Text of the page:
Kasey Phillips Brown (class of ’94) and Minyon Frazier-Foluke (class of ’93) meet up with friends for the Clark Atlanta University Homecoming nearly every year. Kasey travels from Lakewood, California, and Minyon from St. Louis. This year, Minyon’s son is a freshman at Howard University, and Kasey’s son started at Clark Atlanta. Both schools’ Homecomings are on October 21. Minyon asked, “I guess that means we are going to CAU’s Homecoming, right?” Kasey answered, “Of course.” Kasey tells us how they do it.
Three or more months in advance
I usually stay with friends or family in Atlanta. Minyon books a hotel. We order easy-to-carry snacks and treats from First Batch Artisan Foods so we don’t run low on our energy and get grouchy.
We also figure out what we’re going to wear. Most of my classmates get a custom CAU letterman jacket from CAU alum Melvin Davis’s MDJ Originals with their year and major on it. Or you see CAU sweatsuits from CAU alum George Hayne’s Cosmic Park. We definitely support our fellow alums. Sororities and fraternities often have custom shirts to represent their lines or anniversaries. And you also see shirts representing college dorm rooms. This year I will be wearing my new “E.L. Simon Courts” shirt to represent where Minyon and I became roommates, my MDJ Original jacket, and a Cosmic Park sweatsuit. There will also be shirts representing college-days hangouts like “Club Woody,” which is the Robert Woodruff Library, and Stegall’s, which was a popular eating spot in the early ’90s.
We study the schedule to decide which events to attend. There are celebrations hosted by sororities, fraternities, majors, classes, and various groups. It’s an excellent time to network. I am the director of the Nan Washington Global Wellness Foundation, which promotes health and wellness. I try to host a wellness event before or after Homecoming. I’ll find a school, foster care agency, domestic violence shelter, or other population to support.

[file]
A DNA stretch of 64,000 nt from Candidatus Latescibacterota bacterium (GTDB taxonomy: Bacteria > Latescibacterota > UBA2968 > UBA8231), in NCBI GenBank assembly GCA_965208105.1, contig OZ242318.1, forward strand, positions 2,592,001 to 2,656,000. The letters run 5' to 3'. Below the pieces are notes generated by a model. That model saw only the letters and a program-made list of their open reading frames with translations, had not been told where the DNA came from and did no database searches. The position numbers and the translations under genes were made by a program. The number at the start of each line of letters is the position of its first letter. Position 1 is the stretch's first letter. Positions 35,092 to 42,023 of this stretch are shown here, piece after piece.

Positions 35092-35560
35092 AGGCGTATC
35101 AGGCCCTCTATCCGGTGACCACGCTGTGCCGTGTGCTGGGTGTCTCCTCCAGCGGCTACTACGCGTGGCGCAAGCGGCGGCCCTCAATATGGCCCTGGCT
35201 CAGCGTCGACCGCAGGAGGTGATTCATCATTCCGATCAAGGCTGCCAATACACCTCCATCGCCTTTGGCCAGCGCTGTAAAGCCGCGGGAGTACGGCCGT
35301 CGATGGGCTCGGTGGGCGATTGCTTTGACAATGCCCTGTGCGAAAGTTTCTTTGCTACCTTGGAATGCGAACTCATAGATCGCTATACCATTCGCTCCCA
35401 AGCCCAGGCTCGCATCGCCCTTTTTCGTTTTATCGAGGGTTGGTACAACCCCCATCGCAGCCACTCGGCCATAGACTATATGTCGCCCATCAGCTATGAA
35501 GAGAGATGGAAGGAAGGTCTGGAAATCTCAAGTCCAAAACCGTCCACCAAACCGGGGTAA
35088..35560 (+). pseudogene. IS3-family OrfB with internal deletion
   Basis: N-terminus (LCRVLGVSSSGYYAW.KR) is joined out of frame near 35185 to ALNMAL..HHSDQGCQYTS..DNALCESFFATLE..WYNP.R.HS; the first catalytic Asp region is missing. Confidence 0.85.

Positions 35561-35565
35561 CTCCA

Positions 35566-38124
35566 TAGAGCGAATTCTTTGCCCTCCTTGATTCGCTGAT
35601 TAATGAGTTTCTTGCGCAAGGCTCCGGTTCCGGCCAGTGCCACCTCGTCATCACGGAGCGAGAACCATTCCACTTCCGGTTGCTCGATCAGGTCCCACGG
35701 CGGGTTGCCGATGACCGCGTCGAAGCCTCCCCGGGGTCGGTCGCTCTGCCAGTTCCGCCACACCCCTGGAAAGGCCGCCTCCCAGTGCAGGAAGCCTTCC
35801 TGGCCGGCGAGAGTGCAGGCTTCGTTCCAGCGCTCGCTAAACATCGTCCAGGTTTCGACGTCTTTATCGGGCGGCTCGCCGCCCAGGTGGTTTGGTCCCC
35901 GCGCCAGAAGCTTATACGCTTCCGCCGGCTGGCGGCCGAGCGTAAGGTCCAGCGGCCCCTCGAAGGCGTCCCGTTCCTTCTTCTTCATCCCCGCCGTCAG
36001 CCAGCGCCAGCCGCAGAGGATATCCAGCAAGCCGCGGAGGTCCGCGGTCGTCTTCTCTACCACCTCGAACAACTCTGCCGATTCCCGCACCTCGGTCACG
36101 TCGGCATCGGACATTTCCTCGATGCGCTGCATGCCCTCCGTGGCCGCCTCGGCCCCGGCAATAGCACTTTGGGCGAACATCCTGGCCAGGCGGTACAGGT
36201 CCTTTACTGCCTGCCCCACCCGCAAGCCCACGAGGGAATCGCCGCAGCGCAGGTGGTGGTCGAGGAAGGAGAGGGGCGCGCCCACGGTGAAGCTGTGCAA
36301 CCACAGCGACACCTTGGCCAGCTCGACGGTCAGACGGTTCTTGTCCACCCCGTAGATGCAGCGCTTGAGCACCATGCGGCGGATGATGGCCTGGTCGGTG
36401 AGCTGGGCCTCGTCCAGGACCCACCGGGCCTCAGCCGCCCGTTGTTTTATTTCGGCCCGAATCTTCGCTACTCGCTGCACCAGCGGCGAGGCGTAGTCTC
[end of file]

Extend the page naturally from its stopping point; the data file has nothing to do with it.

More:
At Clark Atlanta University, our two mottoes are “Culture for Service” and “Find a Way or Make One.” We make sure we engage in both during our Homecoming experience!
Thursday before Homecoming
“The Fantastic 4” (a group of fellow ’90s alumnae) throw a pre-party at a local bar. Last year it was at Sauce Buckhead, and people were spilling out into the streets. Previously it’s been at the M Bar. The hugs are never-ending.
On Friday we hit the campus and connect with our people. Minyon was a business major, and I was a mass communication and social work major. Due to these Homecoming meetups, her friends are now mine and mine hers. It’s amazing how our friendships remain intact over the years. We walk around retelling the same stories we’ve told a thousand times!
We end the night at the CAU alumni house where we party and engulf ourselves in the wave of Panther love. This is the night things really kick off. It’s beautiful seeing all the current CAU students on the yard having a good time, but there’s nothing like moving over to the alumni house and being able to truly connect with those that know us in a way that no other person knows us. We joke about being jealous of all the conveniences current students have. Then we move into unlocking the vault of secrets and reminding each other of all the things that are never to be repeated outside these alumni house walls.
We sleep in, then head to the game. Umm, but is there really a game going on? I must say we haven’t watched a game since we were actual students. All the action is in the tailgate. There is food, music, and CAU fashion, which is unmatched. We visit all the different tents and see all the different people who make up our memories at CAU. You can smell the barbecue cooking.
The premier place for the ’90s alumni to party is the CAU REUNION and RUNCAU event, always held on Saturday but moving to Friday this year. They have the DJs who were popular when we were students and who are now world-famous. They play all the jams from our time at CAU. You are sure to get a good “Yeek” session—a group dance where each person individually showcases their dance moves. It’s not a Homecoming party until you see today’s CEOs and politicians, doctors and lawyers turn into Yeek nation.
There is an early-morning chapel service that we usually are too tired to attend. We say our good-byes and promise to see each other next October.
This article appears in our October 2023 issue.